Classified Document Double Standards at the MRC: The Trump Defense
When the FBI searched Donald Trump's compound to collect classified documents he had taken, the Media Research Center reflexively came to his aid.
By Terry Krepel
Unlike Newsmax, the Media Research Center avoided immediately weighing in on the FBI search of Donald Trump's Mar-a-Lago compound last August, apparently taking the time to figure out how to put the right spin on it to avoid having to label their beloved Trump a criminal. Its first post on the subject on Aug. 9, from Mark Finkelstein, whined that certain of the MRC's designated enemies were talking about the raid, like Joe Scarborough:
Some media people have been restrained, but MSNBC morning hothead Joe Scarborough was in all his predictable glory on today's Morning Joe over yesterday's FBI search of Donald Trump's Mar-a-Lago.
Alex Christy complained that NBC's Andrea Mitchell called out House Minority Leader Kevin McCarthy's kneejerk demand to investigate Attorney General Merrick Garland to punish him for approving the search:
On her Tuesday show on MSNBC, Andrea Mitchell blasted House Minority Leader Kevin McCarthy’s “outrageous” pledge to investigate Attorney General Merrick Garland if the GOP were to regain the House in November in the aftermath of the FBI’s raid on former President Trump’s home.
Curtis Houck, meanwhile, was giddy that his hated "liberal media" outlets called for transparency from the FBI and Garland, as if they weren't aware of the right-wing blowback they would face for the search and didn't have a plan or supporting evidence before approving it:
The “big three” networks of ABC, CBS, and NBC dedicated extensive time Tuesday morning to the stunning news that former President Trump’s Palm Beach, Florida home of Mar-a-Lago was raided Monday night by the FBI with a search warrant reportedly pursuant to a possible Presidential Records Act violation.
Kevin Tober was similarly thrilled that some on CNN worried that the search was a "daring and dangerous move by the Department of Justice," and he gloated that ABC called for transparency as well. Nicholas Fondacaro, meanwhile, grumbled that an MSNBC analyst "suggest[ed] that the secrecy surrounding the raid was on par with the secrecy of the Navy SEAL raid that killed Osama bin Laden."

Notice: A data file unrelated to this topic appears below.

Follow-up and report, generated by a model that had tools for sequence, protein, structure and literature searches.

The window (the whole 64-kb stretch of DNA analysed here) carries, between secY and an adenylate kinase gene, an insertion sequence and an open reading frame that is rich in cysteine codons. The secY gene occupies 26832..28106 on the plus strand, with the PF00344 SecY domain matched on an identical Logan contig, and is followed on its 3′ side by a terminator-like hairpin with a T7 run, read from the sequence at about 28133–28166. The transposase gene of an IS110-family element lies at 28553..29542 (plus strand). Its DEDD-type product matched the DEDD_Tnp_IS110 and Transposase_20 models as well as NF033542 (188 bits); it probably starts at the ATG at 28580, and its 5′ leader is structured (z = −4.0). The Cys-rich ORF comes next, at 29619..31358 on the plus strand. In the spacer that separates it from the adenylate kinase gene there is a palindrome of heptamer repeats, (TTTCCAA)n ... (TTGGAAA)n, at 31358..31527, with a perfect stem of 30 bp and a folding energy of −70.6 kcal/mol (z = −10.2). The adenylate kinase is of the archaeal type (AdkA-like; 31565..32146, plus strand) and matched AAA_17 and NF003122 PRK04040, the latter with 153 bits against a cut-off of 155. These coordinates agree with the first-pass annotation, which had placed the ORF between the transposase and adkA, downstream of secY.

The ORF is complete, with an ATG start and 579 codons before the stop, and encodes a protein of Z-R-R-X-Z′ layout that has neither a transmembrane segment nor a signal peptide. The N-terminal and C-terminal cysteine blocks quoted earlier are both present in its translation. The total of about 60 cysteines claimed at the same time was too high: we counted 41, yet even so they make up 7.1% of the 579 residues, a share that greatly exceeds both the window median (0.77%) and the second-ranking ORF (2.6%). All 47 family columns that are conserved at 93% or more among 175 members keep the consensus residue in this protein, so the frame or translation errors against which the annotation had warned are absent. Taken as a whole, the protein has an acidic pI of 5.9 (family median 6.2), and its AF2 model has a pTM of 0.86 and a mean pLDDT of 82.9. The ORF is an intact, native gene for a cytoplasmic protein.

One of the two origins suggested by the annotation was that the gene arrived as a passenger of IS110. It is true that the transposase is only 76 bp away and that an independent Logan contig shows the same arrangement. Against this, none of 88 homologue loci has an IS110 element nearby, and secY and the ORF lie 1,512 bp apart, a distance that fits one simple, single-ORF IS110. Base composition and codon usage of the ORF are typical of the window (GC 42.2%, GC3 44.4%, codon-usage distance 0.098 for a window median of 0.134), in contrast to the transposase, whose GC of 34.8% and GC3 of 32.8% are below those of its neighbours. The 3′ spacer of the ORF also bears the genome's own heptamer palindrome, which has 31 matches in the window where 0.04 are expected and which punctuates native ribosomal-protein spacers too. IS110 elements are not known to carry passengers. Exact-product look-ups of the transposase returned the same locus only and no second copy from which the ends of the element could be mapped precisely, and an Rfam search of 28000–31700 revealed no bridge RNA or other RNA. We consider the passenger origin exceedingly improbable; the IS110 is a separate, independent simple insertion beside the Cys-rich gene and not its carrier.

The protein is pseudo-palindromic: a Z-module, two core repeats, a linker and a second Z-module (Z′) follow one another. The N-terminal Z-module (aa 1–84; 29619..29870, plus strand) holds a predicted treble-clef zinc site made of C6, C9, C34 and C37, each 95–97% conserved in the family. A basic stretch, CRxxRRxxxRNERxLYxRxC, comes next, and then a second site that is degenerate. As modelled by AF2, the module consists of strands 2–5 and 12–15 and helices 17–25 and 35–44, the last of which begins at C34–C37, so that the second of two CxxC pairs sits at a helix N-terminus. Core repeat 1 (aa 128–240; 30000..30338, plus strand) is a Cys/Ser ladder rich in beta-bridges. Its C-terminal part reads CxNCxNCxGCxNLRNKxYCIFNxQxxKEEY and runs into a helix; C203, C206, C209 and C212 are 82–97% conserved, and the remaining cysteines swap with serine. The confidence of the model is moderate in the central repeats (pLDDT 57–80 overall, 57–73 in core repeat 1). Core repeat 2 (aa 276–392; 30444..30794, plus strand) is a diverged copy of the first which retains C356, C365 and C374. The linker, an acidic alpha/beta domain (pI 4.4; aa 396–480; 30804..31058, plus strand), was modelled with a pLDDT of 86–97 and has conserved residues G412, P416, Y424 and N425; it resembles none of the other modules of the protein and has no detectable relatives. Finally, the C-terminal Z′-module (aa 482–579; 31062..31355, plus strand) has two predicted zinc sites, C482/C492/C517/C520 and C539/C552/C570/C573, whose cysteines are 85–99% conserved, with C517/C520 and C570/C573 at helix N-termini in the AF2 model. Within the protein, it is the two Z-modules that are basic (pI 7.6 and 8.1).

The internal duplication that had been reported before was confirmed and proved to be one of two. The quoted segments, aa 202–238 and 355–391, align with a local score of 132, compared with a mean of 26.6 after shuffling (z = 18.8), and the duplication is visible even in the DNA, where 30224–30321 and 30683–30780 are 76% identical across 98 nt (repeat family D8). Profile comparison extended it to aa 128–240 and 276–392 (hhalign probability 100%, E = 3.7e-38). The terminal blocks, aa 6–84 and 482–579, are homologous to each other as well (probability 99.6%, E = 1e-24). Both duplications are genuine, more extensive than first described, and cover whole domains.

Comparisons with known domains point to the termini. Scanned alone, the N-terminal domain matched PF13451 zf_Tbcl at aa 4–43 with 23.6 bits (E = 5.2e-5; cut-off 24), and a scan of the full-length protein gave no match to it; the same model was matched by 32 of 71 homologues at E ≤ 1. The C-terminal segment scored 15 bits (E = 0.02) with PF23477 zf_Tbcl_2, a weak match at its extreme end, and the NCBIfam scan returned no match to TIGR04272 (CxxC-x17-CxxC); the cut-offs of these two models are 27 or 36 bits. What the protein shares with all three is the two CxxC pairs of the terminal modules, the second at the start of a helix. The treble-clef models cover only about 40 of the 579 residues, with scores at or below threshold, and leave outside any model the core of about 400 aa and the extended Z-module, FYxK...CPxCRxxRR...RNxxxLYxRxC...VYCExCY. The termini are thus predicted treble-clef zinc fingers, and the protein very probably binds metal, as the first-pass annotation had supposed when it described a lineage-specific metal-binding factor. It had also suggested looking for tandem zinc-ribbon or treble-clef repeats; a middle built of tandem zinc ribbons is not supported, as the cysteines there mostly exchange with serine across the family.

Aidan Moorehouse served up a different complaint:
With news of Trump’s home of Mar-a-Lago being raided by the FBI dominating the news, substitute host Dr. Jason Johnson brought on Washington Post columnist Dana Milbank on Monday night's ReidOut to spread fear that news of the raid would inspire a latter-day Timothy McVeigh to commit an act of terrorism comparable in scale to the 1995 Oklahoma City Bombing that killed 168 people and injured nearly 700.
Moorehouse seems to have missed the past several years of right-wing ranting about the "Deep State," which, yes, does portray the federal government as enemy combatants. And pro-Trump activists are certainly seeing the Mar-a-Lago search as something an enemy combatant does.
Christy came back to whine that late-night comedians were making jokes about the search:
CBS The Late Show host Stephen Colbert must live a rather dull life because how else does one come to the conclusion that the FBI raid on former President Trump’s Mar-a-Lago home is like Christmas? Not only did Colbert compare the raid to that holiday on Tuesday, he also declared the related news headline “the most beautiful sentence America has ever produced.”
Hostility? Wasn't this what Moorehouse was denying that Trumpies were engaging in after the raid?
The MRC continued to find ways to defend him and attack critics. An Aug. 10 post by Alex Christy cheering a right-winger spouting anti-FBI talking points at CNN's S.E. Cupp, who was pointing out that the raid showed the justice system working well, going on to add some talking points of his own: "Cupp and the rest of the media just don’t get it. If Trump were to be treated the same way as Hillary Clinton the raid would never have happened. Such double standards do raise questions that should not be dismissed as 'MAGA World talking points.'"
Another Aug. 10 post by Aidan Moorehouse complained that CNN commentators "were bemused why so many conservatives had such a negative reaction to the FBI’s raid on Mar-a-Lago, despite the news that the Bureau had foiled a plot by Iran’s Revolutionary Guard to assassinate former National Security Adviser John Bolton":